14. The second ground raised by Ms Heidar (which was the first of the written grounds) was in relation to the guidance in AS. However, again, I find no merit in that ground. There was no challenge to Judge Hussain’s adverse credibility findings and therefore the unchallenged findings of fact, as previously found by Judge Balmain, were that the appellant retained contact with his family in Afghanistan and that he would have family support in Kabul. Indeed, Judge Balmain referred, at  of her decision, to Mr Gul’s evidence that the appellant had previously lived in Kabul and she considered that his life experience was therefore not as narrow as a child who had not ventured outside his home village. Judge Hussain found Mr Gul’s claim to have managed to make contact with the appellant’s maternal uncle within a short visit to Kabul to be unbelievable and found that the reality was that they had maintained contact with the family members in Afghanistan and that those family members would be able to support the appellant in Kabul. As the respondent properly found for the reasons given in the rule 24 response at  to , the judge’s consideration of the risks the appellant could face on return to Kabul was entirely consistent with the guidance in AS and it is clear that the judge had full regard to the appellant’s particular circumstances as set out at (iii) of the headnote. The judge was clearly aware that the appellant had left Afghanistan as a child of 14 years of age and I reject the assertion that his failure to make specific mention to his age was an indication of a failure to conduct a full assessment of his circumstances.
15. As for the third ground, again I find no merit in the challenge to the judge’s assessment and conclusions. Ms Heidar submitted that the judge had made errors of fact which undermined his assessment of the appellant’s ability to meet the requirements of the immigration rules and to qualify under the discretionary leave policy and which materially impacted upon his assessment of his private life and the public interest in his removal. Such errors arose, she submitted, from the judge’s misunderstanding of the appellant’s immigration status during his residence in the UK. She referred in particular to the judge’s reference at  to much of the appellant’s stay in the UK being unlawful and at [29(i)] to the appellant having entered the UK unlawfully. However, when pressed, she accepted that the appellant had indeed entered the UK unlawfully. I cannot see any basis upon which Ms Heidar could properly assert that the appellant was able to demonstrate ten years’ lawful residence in the UK. It may be that the judge wrongly described the majority of the appellant’s stay in the UK to be unlawful, but as the rule 24 response properly stated, his status was certainly precarious, and his private life thus attracted little weight in the proportionality assessment. As Mr Melvin submitted, there was very little in the way of evidence presented to support an Article 8 claim and nothing that demonstrated any compelling circumstances outside the immigration rules. The judge undertook a lengthy assessment from  to , having full regard to the appellant’s circumstances in the context of the relevant statutory provisions and was perfectly entitled to conclude that the public interest in his removal prevailed.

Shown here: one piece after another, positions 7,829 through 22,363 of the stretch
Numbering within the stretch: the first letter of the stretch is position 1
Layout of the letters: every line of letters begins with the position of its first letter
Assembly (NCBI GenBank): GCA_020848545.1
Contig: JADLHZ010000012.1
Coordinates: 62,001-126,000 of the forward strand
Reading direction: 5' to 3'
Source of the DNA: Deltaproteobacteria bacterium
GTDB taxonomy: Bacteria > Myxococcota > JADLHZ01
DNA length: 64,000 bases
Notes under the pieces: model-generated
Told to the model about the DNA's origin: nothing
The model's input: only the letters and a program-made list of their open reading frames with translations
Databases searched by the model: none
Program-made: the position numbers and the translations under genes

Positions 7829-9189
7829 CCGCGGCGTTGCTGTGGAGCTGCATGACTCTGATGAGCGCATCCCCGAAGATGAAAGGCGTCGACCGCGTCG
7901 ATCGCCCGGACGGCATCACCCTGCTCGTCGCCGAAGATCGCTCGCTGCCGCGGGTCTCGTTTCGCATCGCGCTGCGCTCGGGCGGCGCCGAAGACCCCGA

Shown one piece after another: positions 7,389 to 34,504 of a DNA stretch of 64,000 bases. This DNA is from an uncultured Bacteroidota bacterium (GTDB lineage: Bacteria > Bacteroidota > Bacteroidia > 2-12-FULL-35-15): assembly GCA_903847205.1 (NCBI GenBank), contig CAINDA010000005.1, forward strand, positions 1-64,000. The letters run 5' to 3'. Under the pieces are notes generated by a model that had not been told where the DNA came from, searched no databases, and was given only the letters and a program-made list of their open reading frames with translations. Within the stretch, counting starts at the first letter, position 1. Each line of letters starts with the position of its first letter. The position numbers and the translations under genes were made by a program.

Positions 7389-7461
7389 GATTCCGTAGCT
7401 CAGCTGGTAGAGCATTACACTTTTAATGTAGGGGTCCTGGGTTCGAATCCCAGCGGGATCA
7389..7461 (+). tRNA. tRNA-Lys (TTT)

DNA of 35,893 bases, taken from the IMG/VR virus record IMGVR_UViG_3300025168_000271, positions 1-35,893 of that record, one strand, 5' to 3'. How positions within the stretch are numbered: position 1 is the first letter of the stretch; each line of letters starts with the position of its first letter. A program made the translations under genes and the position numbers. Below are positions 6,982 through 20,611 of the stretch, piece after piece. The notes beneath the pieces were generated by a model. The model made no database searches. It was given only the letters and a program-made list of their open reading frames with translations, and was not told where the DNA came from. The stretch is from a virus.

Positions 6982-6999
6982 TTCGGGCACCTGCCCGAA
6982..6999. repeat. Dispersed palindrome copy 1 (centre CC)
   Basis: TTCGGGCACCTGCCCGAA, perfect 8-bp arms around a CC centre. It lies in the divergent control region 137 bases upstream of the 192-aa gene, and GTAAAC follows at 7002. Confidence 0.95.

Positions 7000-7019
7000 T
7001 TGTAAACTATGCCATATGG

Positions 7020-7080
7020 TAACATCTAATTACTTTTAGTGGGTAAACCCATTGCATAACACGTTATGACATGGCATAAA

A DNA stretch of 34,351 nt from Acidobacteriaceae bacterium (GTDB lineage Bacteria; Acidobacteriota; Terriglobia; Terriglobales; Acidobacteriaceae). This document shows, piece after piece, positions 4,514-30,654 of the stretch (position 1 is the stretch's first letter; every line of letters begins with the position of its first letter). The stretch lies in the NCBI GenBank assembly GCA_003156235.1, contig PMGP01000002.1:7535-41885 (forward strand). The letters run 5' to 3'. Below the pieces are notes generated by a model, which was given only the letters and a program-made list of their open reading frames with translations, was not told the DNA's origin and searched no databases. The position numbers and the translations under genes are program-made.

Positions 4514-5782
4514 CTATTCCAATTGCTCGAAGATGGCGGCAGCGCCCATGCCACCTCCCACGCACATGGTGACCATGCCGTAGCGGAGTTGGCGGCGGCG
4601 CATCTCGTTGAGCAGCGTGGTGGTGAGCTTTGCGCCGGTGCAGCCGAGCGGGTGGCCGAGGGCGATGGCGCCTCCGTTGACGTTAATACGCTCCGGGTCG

16. In all of the circumstances, the judge was perfectly entitled to conclude, at the time of the hearing and on the basis of the evidence before him, that the appellant was at no risk on return to Afghanistan and that his removal would not disproportionately interfere with his private life. Whilst the situation in Afghanistan has clearly changed significantly since the hearing, the judge made no errors of law in dismissing the appeal on the basis of the circumstances at that time. It is of course open to the appellant to make a fresh claim on the basis of the changed circumstances, but the grounds of appeal do not identify any errors of law in the judge’s decision as it was made at that time.
17. The making of the decision of the First-tier Tribunal did not involve an error on a point of law. I do not set aside the decision. The decision to dismiss the appeal stands.
Signed: S Kebede Dated: 14 April 2022
Upper Tribunal Judge Kebede